Hepatitis C infection in non-treatment-seeking heroin users: The burden of cocaine injection
Article first published online: 6 JUN 2013
Copyright © American Academy of Addiction Psychiatry
The American Journal on Addictions
Volume 22, Issue 6, pages 613–618, NovemberߝDecember 2013
How to Cite
Roux, P., Fugon, L., Jones, J.D. and Comer, S.D. (2013), Hepatitis C infection in non-treatment-seeking heroin users: The burden of cocaine injection. The American Journal on Addictions, 22: 613–618. doi: 10.1111/j.1521-0391.2013.12058.x
- Issue published online: 16 OCT 2013
- Article first published online: 6 JUN 2013
- Manuscript Accepted: 24 NOV 2012
- Manuscript Revised: 23 NOV 2012
- Manuscript Received: 24 MAY 2012
Background and Objectives
In heroin dependent individuals, the HIV epidemic has been controlled in countries where access to opioid maintenance treatment (OMT) and needle exchange programs (NEP) have been implemented. However, despite similar routes of contamination for both viruses, the prevalence of hepatitis C (HCV) infection remains high in drug users. The objective of this analysis was to identify the prevalence of HCV and the correlates of being HCV-positive in a sample of out-of-treatment heroin-dependent individuals.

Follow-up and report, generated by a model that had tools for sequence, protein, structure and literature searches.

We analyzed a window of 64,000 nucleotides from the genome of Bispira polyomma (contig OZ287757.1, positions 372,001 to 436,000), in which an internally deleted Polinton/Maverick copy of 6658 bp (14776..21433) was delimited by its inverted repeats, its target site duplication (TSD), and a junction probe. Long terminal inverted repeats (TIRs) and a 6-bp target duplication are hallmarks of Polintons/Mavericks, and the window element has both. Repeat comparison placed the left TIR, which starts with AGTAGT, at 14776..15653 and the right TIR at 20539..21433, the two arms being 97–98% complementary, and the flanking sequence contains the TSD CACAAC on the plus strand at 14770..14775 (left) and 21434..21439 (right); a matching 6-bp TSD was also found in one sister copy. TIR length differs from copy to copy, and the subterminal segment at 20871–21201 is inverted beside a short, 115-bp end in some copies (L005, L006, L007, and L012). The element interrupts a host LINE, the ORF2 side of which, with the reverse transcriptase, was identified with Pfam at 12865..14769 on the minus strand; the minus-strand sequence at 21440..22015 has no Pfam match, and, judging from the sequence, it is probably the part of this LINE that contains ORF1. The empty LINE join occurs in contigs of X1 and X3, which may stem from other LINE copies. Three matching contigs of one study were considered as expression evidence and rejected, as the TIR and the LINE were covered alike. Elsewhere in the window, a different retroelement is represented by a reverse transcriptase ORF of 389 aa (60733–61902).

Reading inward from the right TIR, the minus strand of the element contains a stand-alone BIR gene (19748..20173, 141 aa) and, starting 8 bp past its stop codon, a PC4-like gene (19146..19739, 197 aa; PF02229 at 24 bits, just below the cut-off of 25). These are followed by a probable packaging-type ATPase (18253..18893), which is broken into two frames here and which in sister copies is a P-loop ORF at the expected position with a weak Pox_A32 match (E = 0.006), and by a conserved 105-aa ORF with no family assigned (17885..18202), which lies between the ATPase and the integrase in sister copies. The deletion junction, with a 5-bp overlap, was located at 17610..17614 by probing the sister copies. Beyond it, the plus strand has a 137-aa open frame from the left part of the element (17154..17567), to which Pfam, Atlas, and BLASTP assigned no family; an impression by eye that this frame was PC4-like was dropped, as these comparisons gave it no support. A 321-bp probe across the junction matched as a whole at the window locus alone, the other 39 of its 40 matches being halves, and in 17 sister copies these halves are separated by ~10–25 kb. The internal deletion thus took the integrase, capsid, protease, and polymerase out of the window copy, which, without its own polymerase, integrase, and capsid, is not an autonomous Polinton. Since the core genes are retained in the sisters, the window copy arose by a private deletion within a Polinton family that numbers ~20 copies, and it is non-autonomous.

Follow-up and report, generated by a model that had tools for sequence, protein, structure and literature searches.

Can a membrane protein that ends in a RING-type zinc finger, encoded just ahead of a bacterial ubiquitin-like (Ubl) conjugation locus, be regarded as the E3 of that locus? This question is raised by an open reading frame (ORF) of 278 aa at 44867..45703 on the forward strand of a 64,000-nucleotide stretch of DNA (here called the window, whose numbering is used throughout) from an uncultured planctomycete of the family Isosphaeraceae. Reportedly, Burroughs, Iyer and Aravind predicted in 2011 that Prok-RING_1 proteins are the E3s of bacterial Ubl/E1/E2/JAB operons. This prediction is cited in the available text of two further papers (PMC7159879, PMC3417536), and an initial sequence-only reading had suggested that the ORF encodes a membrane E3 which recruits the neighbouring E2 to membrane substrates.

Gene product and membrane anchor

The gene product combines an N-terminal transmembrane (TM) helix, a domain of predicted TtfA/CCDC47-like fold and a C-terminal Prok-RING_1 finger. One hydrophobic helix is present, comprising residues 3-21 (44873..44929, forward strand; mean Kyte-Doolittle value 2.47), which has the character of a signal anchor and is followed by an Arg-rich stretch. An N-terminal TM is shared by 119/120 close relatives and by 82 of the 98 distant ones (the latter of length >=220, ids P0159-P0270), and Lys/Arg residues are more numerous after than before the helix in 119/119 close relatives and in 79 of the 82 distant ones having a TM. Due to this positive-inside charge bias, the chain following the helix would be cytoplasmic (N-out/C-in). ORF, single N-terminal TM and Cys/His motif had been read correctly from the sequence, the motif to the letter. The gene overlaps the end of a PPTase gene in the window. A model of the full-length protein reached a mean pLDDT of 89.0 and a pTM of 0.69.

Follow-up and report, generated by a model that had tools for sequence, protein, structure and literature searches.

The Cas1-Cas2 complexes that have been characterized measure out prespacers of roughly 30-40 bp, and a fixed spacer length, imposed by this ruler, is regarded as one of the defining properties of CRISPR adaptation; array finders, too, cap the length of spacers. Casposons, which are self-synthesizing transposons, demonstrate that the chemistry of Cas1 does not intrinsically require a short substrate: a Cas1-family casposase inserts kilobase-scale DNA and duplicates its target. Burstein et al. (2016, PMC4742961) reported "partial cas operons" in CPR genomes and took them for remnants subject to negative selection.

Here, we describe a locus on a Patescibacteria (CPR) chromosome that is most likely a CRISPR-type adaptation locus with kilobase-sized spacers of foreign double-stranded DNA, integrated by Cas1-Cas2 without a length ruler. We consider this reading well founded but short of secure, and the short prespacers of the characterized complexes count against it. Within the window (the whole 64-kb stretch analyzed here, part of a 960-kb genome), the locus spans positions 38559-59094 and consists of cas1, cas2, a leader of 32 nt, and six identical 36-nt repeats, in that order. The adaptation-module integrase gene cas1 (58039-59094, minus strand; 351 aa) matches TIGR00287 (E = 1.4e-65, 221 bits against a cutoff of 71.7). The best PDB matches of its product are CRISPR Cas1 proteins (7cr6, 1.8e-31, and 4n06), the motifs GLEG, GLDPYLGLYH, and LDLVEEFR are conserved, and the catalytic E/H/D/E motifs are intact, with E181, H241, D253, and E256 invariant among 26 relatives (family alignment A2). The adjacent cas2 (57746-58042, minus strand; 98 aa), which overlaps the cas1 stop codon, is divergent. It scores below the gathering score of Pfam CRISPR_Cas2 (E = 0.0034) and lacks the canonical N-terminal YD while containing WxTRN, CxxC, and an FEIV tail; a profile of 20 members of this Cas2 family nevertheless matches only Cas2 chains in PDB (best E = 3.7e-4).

Data were collected from five inpatient studies (n = 120 participants) conducted at the New York State Psychiatric Institute. A logistic regression was used to identify correlates of being HCV-positive at baseline.
Among the 120 heroin-dependent volunteers, 42 were HCV-positive. Participants who had heavier alcohol use, a longer duration of heroin use, or who reported using heroin by injection were more likely to be HCV-positive. Interestingly, participants who had injected cocaine during the previous month had a ninefold greater risk of being HCV-positive compared to non-cocaine users and those who used cocaine by a non-injecting route.
Conclusions and Scientific Significance
These findings confirm the risk of being HCV-infected through intravenous drug use, especially with cocaine use. These results underscore the importance of rethinking interventions to prevent HCV infection with combined strategies using pharmacological approaches for cocaine dependence and tailored prevention for cocaine users. (Am J Addict 2013;22:613–618)